In a different setting we might be interested in reducing with respect to a completely different property, e.g. we might check whether rendering using a given shader causes a device's temperature to exceed some threshold, whether a shader causes a driver to consume more than a certain amount of memory, or whether a shader sends a shader compiler into a seemingly infinite loop. Writing the interestingness test is entirely in the hands of the user of glsl-reduce. Notice that in each of these examples, the property we care about (temperature, memory or execution time) is non-binary; it needs to be turned into a binary property by using an appropriate limit on the resource in question inside the interestingness test.

Bug slippage: the need for a strong interestingness test

Let's try our reduction again but with a different interestingness test. Have a look at glsl-reduce-walkthrough/ This test just checks whether compilation failed; it does not check the failure string.

Let's use it to perform a reduction:

# Run glsl-reduce
glsl-reduce glsl-reduce-walkthrough/colorgrid_modulo.json weak_interestingness_test --output slipped_reduction_results

# Output:
# <lots of messages about the reducer's progress>

# Whoah, it's an even smaller result!
cat slipped_reduction_results/colorgrid_modulo_reduced_final.frag

# Output:
# <a shader with an empty main>

# Does it still give us the fatal error?
fake_compiler slipped_reduction_results/colorgrid_modulo_reduced_final.frag

# Output:
# Internal error: something went wrong inlining 'floor'.

The reduced shader does cause a bug to trigger in the fake compiler, but it is a different bug to the one we saw before: we get a different error message! (Look in glsl-reduce-walkthrough/ to see why this message is generated; this is of course just a mock bug made up for this illustrative walkthrough.)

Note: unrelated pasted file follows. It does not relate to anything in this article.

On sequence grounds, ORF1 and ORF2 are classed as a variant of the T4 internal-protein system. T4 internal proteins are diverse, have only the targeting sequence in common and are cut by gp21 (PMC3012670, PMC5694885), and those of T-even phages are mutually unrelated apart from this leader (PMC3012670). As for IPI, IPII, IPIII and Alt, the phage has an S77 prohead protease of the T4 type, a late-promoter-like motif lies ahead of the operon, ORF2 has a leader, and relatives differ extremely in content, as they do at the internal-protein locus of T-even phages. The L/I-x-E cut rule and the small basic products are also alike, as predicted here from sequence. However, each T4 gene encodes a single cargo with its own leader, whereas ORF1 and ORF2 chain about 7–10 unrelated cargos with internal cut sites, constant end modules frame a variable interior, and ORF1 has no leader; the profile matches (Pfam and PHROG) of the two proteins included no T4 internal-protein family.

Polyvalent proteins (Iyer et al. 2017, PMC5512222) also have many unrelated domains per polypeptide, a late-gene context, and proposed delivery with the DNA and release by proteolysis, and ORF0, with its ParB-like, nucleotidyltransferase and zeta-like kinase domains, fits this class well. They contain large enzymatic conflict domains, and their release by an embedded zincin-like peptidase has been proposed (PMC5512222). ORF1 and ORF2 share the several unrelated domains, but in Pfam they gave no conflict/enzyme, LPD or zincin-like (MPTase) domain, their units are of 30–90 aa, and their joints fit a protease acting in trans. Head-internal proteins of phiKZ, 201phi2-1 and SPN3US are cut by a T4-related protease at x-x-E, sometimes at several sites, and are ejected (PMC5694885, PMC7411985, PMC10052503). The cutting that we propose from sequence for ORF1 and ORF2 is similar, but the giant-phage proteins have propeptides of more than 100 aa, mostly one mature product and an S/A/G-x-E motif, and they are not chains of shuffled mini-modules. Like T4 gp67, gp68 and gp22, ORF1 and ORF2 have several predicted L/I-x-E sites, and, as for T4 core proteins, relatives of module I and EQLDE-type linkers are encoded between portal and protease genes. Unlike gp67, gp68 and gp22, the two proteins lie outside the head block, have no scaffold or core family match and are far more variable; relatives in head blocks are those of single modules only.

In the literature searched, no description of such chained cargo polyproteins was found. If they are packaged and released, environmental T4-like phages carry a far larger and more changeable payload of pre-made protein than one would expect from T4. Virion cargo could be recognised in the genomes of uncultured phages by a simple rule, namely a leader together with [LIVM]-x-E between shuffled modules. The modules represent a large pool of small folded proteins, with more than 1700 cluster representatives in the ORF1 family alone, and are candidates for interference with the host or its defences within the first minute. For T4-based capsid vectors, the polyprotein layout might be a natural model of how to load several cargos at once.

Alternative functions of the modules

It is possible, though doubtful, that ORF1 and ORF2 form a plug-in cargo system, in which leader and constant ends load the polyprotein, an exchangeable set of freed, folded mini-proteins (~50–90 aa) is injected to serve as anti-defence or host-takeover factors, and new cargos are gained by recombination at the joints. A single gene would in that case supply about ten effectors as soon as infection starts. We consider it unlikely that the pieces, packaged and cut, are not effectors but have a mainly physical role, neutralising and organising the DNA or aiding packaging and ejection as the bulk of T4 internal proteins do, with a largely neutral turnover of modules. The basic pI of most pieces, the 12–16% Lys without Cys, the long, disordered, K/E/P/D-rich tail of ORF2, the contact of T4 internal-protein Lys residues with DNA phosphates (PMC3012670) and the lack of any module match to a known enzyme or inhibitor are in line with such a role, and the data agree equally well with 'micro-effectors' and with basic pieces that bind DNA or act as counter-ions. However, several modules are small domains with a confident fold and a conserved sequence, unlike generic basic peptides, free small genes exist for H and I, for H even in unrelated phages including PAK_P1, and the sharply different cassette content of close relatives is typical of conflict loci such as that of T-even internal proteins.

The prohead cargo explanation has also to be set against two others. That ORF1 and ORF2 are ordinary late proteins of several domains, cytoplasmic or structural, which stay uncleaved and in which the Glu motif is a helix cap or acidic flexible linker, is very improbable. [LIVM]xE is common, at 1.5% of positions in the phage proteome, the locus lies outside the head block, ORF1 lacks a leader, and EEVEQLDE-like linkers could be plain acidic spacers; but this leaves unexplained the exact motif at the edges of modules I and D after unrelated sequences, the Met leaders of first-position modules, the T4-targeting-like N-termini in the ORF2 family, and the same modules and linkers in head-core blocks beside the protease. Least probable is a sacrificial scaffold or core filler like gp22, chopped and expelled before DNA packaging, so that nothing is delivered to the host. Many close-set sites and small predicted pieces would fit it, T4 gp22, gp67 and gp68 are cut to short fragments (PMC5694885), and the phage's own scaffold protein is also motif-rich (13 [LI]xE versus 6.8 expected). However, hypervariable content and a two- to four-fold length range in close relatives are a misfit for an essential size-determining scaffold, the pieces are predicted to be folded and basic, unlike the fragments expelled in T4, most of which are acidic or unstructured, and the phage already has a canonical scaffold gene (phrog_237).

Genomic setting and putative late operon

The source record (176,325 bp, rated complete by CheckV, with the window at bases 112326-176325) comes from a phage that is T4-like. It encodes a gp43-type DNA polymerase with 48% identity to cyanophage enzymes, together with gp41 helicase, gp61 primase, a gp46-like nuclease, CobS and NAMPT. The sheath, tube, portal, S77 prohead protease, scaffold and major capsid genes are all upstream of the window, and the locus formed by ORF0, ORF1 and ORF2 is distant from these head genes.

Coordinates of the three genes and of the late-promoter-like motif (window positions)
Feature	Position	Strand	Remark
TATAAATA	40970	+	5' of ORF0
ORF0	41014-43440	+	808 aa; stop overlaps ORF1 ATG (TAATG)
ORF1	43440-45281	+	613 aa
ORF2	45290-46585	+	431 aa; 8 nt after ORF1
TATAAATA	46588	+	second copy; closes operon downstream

This is known as bug slippage (see Section 3.5 of this paper): in reducing a shader that triggers one bug we have ended up triggering a second bug and switching attention to that second bug. What we end up with is a minimized shader that triggers the second bug but not the original bug.

Slippage can be useful as a method for discovering additional bugs (see this blog post on the topic), and the series of partially-reduced shader jobs produced during reduction sometimes provides a rich source of by-product bugs. However, slippage is annoying if we really care about reducing with respect to the original bug. To avoid slippage, you need to write a sufficiently strong interestingness test.

Summary from walkthrough

The walkthrough has illustrated:

  • How to run glsl-reduce on an example
  • What the arguments to glsl-reduce mean, including the concept of an interestingness test
  • The notion of bug slippage, whereby a weak interestingness test can cause reduction to switch from an original bug to some other bug

We emphasize again that the interestingness test is entirely programmable. In this tutorial it has simply involved invoking a (fake) compiler and checking the compiler's output. In practice it could do something much more complex, such as launching an app that will consume the shader of interest and then checking for some specific app behavior.